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Digital Literacy Explained for Teachers

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Critical Digital Literacy Explained for Teachers

Critical digital literacy is one of the essential required competencies for the 21st century educator. In an era of unprecedented personal publishing, infobesity (information obesity) becomes a real issue. Teachers need to be able to critically  assess and evaluate the materials and knowledge they come across. This could be done through adopting a critical thinking lens to filter things that could otherwise unconsciously affect one's stance and interpretation of  a given meaning.

Juliet Hinrichsen and Antony Coombs from University of Greenwich developed this excellent framework to help you understand the concept of critical digital literacy. This framework is made up of 5 dimensions:


1- Decoding:
"Learners need to develop familiarity with the structures and conventions of digital media, sensitivity to the different modes at work within digital artefacts and confident use of the operational frameworks within which they exist."

2- Meaning making
"This recognizes the agency of the learner as a participant in the construction of a text. Making meaning is a reflexive process in which the content, style and purpose of the text is in dialogue with the prior experience, knowledge and responses of the reader. Making meaning implies both understanding and interpretation".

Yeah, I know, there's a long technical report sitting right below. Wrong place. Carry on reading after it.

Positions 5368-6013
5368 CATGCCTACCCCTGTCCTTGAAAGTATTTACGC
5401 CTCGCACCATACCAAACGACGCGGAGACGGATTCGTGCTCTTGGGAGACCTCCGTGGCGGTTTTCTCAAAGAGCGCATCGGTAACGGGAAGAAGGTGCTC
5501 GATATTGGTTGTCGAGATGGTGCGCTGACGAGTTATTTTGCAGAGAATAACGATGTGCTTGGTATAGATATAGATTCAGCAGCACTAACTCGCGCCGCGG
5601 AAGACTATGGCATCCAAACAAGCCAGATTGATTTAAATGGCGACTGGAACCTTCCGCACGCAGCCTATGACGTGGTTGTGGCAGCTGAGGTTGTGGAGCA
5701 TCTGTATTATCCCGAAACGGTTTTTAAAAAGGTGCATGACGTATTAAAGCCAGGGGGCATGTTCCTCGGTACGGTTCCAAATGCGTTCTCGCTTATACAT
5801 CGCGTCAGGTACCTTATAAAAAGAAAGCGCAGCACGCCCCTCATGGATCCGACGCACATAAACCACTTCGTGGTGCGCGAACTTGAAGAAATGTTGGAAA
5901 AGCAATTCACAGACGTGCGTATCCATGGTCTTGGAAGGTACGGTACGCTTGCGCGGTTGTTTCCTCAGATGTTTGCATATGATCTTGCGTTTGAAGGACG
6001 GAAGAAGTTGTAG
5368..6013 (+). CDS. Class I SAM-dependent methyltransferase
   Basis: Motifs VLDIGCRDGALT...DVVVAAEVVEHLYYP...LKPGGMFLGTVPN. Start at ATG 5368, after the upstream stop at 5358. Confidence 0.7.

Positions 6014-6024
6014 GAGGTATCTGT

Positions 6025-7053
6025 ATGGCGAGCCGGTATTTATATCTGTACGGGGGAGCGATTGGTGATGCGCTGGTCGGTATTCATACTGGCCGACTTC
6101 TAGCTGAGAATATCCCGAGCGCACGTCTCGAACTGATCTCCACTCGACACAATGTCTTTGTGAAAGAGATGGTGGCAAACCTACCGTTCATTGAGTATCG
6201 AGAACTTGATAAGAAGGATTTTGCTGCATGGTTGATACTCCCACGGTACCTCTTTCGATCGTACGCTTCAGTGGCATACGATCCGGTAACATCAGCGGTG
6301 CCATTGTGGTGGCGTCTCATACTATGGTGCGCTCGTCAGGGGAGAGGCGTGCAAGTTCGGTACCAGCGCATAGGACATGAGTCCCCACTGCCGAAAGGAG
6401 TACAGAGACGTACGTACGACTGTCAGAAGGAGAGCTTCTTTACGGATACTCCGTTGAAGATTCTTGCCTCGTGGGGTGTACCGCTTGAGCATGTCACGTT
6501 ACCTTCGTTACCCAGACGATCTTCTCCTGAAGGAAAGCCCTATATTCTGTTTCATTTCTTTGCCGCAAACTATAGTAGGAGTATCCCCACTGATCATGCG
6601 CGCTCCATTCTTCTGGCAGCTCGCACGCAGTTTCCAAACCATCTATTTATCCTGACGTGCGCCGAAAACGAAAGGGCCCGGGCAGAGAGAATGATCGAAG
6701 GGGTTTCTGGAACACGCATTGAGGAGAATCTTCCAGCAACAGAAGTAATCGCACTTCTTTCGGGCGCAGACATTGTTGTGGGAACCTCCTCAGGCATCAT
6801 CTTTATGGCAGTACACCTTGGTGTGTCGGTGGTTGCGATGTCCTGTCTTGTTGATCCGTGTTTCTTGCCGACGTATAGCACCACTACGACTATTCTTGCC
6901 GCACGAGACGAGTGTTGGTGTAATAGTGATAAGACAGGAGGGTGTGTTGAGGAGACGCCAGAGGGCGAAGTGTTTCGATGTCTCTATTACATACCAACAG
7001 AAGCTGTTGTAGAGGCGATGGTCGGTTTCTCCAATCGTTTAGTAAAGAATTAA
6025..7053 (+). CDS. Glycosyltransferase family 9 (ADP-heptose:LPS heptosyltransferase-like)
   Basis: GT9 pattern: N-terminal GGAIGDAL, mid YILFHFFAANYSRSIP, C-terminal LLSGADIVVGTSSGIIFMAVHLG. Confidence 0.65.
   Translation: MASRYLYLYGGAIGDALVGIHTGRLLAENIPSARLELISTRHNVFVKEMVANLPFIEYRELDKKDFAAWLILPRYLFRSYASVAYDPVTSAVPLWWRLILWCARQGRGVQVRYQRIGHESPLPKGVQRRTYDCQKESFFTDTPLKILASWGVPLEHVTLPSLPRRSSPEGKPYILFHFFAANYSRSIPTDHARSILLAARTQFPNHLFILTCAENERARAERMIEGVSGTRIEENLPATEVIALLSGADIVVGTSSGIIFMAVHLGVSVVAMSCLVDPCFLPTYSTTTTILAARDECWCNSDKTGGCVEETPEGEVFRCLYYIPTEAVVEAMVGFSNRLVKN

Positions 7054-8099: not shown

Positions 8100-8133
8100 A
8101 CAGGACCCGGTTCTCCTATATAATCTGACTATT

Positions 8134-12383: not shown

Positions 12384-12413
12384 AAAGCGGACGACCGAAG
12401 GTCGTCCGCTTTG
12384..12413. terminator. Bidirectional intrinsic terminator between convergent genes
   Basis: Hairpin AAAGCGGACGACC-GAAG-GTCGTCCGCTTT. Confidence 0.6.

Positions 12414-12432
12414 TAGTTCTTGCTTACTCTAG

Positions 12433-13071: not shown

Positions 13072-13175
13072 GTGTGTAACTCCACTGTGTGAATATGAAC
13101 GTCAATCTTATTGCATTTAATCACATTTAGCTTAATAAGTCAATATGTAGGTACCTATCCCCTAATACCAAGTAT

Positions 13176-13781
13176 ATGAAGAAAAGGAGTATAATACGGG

3- Analysing
"Learners to develop the ability to make informed judgements and choices in the digital domain.They also need to be able to apply critical, aesthetic and ethical perspectives to the production and consumption of digitized material."

4- Persona
"Sensitivity to the issues of reputation, identity and membership within different digital contexts. The purposeful management and calibration of one's online persona. Developing a sense of belonging and a confident participant role."

5- Using
"Learners need to develop the ability to deploy digital tools appropriately and effectively for the task in hand. They also need to be able to solve practical problems dynamically and flexibly as they arise, using a range of methods and approaches, both individually and as part of communities."

This article was first published here ...

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